“We’re looking forward to bringing together the worlds of theatre and education to discuss the issues surrounding creative arts provision in schools.  Since 2010 there has been a 28% drop in the number of children taking creative GCSEs, with a similar drop in the number of creative arts teachers being trained. These diminishing opportunities for children and young people are a real concern and we hope that by the end of the debate to have established some recommendations for improvement.”

Carl Woodward also said:

“To deprive state educated children the opportunities to pursue a career in the arts is nothing short of perverse. The Big Arts and Education Debate is a prophetic and practical opportunity to come together to address this very serious situation. We very much look forward to seeing what recommendations and solutions that we can achieve together.”

The Big Arts and Education Debate takes place at Birmingham Repertory Theatre on Friday 20 April, 2pm – 5pm.  Tickets £10 / £5 concessions are available from / 0121 236 4455.

Kwame Kwei-Armah announces first season as Artistic Director at Young Vic

Kwame Kwei Armah
Kwame Kwei Armah

Kwame Kwei Armah

  • A musical adaptation of Kwame Kwei-Armah and Shaina Taub’s Twelfth Night
  • Black Panther’s Danai Gurira’s play The Convert
  •  Jesus Hopped the ‘A’ Train  by Stephen Adly Guirgis to be directed by Winner Kate Hewitt
  •  Genesis Future Director Award Winner announced as Debbie Hannan who will direct Things of Dry Hours by Naomi Wallace in the Clare
  • A new strand of work, YV Unpacked, taking the highest quality theatre to the community
  • Digital project My England, a celebration of Englishness from playwrights across the country
  • The Young Vic to host VR experience Draw Me CloseNational Theatre and National Film Board of Canada production
  • Crying in the Wilderness to join the Young Vic as new Associate Company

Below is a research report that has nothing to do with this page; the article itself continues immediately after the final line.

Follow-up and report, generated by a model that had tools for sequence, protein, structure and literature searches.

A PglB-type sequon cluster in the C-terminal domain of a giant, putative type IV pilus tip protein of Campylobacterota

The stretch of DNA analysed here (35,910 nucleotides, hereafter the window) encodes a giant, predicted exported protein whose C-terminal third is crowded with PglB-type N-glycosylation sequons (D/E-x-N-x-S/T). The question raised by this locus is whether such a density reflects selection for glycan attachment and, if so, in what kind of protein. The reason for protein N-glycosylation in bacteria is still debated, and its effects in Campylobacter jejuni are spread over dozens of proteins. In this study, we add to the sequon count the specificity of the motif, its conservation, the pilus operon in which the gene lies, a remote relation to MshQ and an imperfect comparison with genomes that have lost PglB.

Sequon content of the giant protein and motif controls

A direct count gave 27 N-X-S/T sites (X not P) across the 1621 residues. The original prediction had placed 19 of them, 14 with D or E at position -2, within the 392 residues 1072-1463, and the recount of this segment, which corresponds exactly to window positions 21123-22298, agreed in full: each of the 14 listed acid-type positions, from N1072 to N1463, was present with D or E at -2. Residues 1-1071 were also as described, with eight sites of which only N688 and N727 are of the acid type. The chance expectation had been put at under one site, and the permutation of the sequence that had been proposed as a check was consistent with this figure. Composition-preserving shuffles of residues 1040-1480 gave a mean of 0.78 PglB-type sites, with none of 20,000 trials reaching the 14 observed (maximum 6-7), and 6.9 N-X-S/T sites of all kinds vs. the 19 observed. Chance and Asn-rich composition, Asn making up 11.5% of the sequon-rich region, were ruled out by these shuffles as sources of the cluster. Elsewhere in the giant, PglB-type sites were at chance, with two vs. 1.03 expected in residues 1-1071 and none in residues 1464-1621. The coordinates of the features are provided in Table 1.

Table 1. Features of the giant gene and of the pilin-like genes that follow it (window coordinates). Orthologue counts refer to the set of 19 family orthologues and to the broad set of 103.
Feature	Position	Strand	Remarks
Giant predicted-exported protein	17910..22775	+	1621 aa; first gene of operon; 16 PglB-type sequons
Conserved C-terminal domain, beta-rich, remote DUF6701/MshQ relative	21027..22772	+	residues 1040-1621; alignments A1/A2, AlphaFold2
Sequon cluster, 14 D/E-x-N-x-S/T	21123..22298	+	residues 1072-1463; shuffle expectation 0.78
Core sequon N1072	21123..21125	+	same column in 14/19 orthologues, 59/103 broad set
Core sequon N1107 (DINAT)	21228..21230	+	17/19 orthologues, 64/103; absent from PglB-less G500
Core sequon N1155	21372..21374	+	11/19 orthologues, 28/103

• Initial casting for Twelfth Night is also announced: Gabrielle Brooks as Viola; Gbemisola Ikumelo as Maria; Jonathan Livingstone as Antonio and Silas Wyatt-Barke as Sir Andrew Aguecheek
  •  £5 First Previews announced – all Main House show first preview tickets will be sold at just £5 via a TodayTix lottery 
Kwame Kwei-Armah, Artistic Director, said:
 The Young Vic as a producing theatre has become synonymous with staging international works created by some of the world’s finest directors, performers and creatives; productions and projects that say something about the world that we live in. My first season as Artistic Director will attempt to balance on those shoulders the things that are important to me: joy, community, politics and these are deeply embedded in all that we do.

That’s why the musical reworking of Twelfth Night – that I previously directed at The Public Theater in New York – is the show that I have chosen to kick-start my tenure with. A show that stands community members shoulder to shoulder with professional artists, it’s filled with joyful, soulful music by Shaina Taub; it’s a celebration.

After this we will see Danai Gurira’s The Convert and Stephen Adly Guirgis’s Jesus Hopped the ‘A’ Trainboth, in my opinion, modern classics one portraying Rhodesia 1896 and the other prison in Rikers Island. Both plays ripe for interpretation by some of the most interesting young directors in the country.

Alongside these productions, today we announce two projects that will develop throughout the year. My England: a series of monologues from across England created by playwrights, actors and directors telling us how they define “Englishness” in our potentially fractious society. Through this we are committing to pushing the boundaries further, taking theatre outside our four walls and performing the highest quality shows in prisons, community hubs and centres across London. The first of these shows, Spring Awakening by Frank Wedekind, looks at the sexually oppressive culture of Germany in the nineteenth century.”


Twelfth Night
by William Shakespeare
Conceived by Kwame Kwei-Armah and Shaina Taub
Music and Lyrics by Shaina Taub
Directed by Kwame Kwei-Armah and Oskar Eustis
Tuesday 2 October – Saturday 17 November 2018
Press Night: Monday 8 October 2018